By Liz Rothaus
January 27, 2021
In the early months of the pandemic last year, information and unanswered questions about the new coronavirus were coming from everywhere.
“COVID seemed like this big, scary monster,” said Chris Rudisill, director of the Charlotte Journalism Collaborative. The collaborative, or CJC, is a consortium of six area media outlets and other institutions working to strengthen local journalism.
“We were hearing from a lot of people in the community that they almost didn’t know what to listen to,” he said.
CJC wanted a creative way to get relevant, reliable information to people who might not be reading or tuning into traditional news sources. They sought something that combined the visual punch of a 1950s-style monster movie poster with the integrity of solid news reporting.
Their answer? A graphic novel called “THE PANDEM!C: Stories of COVID-19.” A joint project of CJC and the artist-led BOOM Charlotte art and performance showcase, it’s a collaboration of eight area journalists and eight local artists that shares how COVID-19 has affected the lives of real people in Charlotte and beyond.
STORIES OF IMPACT
This free comic book style collection launched online last October. New chapters, in English and Spanish, are released every two weeks through February at charlottejournalism.org, as well as on Instagram (@clt_boom and @cltjournalism). A printed version is expected this spring.
Each chapter tells a specific story of impact. That includes the obstacles of navigating the medical system as an undocumented immigrant, the emotional strain and isolation COVID-19 causes for a gay couple who both get sick and the trauma of losing a job and experiencing homelessness during the pandemic.
The graphic novel also looks at the community response and whether those efforts, from contact tracing to virtual hospitals, have been effective.
As CJC started identifying key pandemic stories to highlight, protests were emerging in Charlotte in response to the killing of George Floyd by Minneapolis police. When Rudisill and his
team saw the Black Lives Matter mural uptown, they realized the graphic, comic book style imagery used by many of the artists was exactly what they were looking for.
Rudisill contacted one of the muralists, Marcus Kiser, who also serves on BOOM Charlotte’s board of directors, to try to bring visual artists into the mix.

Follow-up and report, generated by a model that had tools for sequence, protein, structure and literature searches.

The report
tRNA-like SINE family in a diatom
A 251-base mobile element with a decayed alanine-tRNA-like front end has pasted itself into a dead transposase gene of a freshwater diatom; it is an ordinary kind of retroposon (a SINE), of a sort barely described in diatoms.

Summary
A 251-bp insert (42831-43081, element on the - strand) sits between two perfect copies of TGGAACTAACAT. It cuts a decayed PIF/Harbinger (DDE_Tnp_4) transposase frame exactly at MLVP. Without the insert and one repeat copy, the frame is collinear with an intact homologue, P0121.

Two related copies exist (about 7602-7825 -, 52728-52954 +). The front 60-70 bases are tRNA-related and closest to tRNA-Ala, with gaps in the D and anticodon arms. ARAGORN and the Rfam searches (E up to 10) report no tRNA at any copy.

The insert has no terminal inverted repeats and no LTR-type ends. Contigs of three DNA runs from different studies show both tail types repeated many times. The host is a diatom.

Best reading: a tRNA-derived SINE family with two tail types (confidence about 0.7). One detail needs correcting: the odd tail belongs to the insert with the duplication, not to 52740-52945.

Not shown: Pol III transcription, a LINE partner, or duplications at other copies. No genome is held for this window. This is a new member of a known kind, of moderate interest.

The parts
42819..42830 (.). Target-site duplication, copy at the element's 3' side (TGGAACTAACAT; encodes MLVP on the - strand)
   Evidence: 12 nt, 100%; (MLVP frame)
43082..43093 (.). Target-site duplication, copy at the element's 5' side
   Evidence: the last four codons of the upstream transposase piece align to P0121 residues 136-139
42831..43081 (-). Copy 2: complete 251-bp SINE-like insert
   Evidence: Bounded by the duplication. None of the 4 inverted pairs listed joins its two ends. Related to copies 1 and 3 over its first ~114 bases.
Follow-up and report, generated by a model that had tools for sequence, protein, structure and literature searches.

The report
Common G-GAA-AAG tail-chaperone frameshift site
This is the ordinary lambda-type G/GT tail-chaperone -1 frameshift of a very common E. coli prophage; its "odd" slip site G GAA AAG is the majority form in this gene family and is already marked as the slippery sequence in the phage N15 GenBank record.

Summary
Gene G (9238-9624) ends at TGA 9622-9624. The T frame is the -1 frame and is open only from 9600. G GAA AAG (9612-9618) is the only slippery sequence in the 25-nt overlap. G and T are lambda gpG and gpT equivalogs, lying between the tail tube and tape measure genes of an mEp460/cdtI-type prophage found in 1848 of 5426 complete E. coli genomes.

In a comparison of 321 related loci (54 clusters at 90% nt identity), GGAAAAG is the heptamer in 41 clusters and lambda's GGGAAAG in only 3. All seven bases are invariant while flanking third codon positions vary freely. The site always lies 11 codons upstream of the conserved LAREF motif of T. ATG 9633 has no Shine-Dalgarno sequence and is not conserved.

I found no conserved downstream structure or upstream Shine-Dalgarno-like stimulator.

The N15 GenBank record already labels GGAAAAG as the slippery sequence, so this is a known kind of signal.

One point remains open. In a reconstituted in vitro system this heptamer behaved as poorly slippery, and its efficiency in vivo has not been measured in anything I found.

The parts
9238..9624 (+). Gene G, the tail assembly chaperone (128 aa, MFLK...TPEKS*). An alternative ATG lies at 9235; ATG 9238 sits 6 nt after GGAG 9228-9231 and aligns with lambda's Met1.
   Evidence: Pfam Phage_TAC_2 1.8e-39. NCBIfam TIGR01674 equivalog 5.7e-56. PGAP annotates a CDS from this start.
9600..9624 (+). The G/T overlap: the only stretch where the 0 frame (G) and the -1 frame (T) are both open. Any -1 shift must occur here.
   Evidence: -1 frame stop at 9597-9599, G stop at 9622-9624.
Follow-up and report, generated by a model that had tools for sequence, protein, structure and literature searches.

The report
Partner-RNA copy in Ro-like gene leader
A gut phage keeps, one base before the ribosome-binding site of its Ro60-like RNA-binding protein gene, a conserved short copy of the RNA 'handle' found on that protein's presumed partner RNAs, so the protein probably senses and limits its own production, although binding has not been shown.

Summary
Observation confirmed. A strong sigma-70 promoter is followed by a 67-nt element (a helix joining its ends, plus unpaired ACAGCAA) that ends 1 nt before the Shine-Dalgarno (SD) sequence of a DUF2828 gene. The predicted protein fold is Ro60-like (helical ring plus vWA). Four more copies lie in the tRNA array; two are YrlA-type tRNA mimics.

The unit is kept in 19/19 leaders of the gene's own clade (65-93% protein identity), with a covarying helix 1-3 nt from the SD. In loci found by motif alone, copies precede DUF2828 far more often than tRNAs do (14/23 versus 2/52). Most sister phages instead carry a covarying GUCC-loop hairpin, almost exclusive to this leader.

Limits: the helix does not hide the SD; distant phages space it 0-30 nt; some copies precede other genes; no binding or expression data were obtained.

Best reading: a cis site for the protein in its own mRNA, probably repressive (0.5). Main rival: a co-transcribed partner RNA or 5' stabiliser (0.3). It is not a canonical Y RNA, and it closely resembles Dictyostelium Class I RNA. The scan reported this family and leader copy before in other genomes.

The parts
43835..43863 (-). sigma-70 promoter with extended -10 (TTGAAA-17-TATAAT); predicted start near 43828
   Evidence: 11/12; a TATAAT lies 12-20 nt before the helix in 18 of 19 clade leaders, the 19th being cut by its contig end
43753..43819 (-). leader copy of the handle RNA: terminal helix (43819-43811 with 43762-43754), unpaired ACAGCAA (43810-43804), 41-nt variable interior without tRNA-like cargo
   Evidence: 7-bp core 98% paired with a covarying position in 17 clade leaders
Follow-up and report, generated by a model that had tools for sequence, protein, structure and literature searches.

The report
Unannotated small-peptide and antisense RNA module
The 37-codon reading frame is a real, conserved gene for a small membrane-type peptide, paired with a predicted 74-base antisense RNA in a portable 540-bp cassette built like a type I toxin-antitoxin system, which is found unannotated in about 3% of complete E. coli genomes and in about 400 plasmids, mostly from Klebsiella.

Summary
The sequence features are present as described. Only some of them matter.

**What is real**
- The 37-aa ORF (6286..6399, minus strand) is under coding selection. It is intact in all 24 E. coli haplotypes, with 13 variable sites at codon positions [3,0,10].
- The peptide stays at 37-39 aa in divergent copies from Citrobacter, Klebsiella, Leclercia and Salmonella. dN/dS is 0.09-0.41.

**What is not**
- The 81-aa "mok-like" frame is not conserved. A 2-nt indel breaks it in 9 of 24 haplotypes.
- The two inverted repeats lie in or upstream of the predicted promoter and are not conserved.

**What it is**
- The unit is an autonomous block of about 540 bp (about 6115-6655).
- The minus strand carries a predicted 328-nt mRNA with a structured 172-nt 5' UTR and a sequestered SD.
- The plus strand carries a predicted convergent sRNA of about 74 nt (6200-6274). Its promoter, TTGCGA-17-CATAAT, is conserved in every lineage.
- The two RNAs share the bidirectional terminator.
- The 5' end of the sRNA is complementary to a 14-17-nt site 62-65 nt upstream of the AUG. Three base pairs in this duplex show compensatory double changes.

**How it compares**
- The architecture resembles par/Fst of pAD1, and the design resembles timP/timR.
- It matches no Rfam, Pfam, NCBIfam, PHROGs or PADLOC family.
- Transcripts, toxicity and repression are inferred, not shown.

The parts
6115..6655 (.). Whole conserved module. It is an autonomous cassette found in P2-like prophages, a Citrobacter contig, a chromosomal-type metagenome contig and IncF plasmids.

The project was a good fit for BOOM Charlotte, too. “Part of our mission is to find a way for artists to respond to the current issues,” said founder and Executive Director Manoj Kesavan.
Lately, that’s required more improvisation than usual.
In an ordinary year, BOOM’s primary focus would have been its annual festival, a three-day outdoor event in Plaza Midwood, highlighting avant garde work by local performing and visual artists. The event drew 20,000 people in 2019; it was canceled last April due to COVID-19.
Instead of pausing its activities during the pandemic, BOOM has ratcheted up its online presence to serve as a platform for artists to share their work.
The graphic novel collaboration intrigued Kesavan.
“Charlotte is usually not on the cutting edge of arts or this kind of thing,” he said, “so it’s great to be in that position.”
Although graphic journalism isn’t new, this project’s approach is unique, with multiple reporters and artists working together.
Kesavan also liked CJC’s vision of amplifying the work of local Black artists through the project. There is great local talent, he said, but not enough investment in showcasing the work of artists of color.
“It’s the artists who don’t get these kind of opportunities normally,” Kesavan said, “and I feel like that’s BOOM’s strength, too. We have a really diverse kind of a base.”
Artist Josh Henderson illustrated the most recent installment of “THE PANDEM!C.” His chapter is based on a Charlotte Observer story written by reporter Hannah Smoot about a Kansas City man who got stuck in Charlotte when he developed COVID-19. He spent 10 days confined at Charlotte’s quarantine hotel.
“When you pull from a personal experience, it’s a lot easier to tell a story,” said Henderson, who founded RELAX Clothing Brand in 2014 as a way to make his artwork more accessible to the public. “… I’m just glad that I could understand the struggle that this particular person was going through. It was an eye-opener.”
Translating the story into another medium meant trying to capture the story’s emotion through imagery.
“When you’re creating it, it’s different from just seeing it at a glance or walking past and seeing it on the news,” Henderson said. “Just to be recreating that scenario, you’re literally putting yourself in that situation.”
For Smoot, it’s been interesting to revisit a story she spent weeks working on last summer. “I’m really here to listen to Josh’s plans and give him insight into some of the behind-the-scenes things that happened,” Smoot said.
She said she sees potential for using graphic journalism to tell other stories, too. “As journalists,” Smoot said, “we have to constantly evolve.”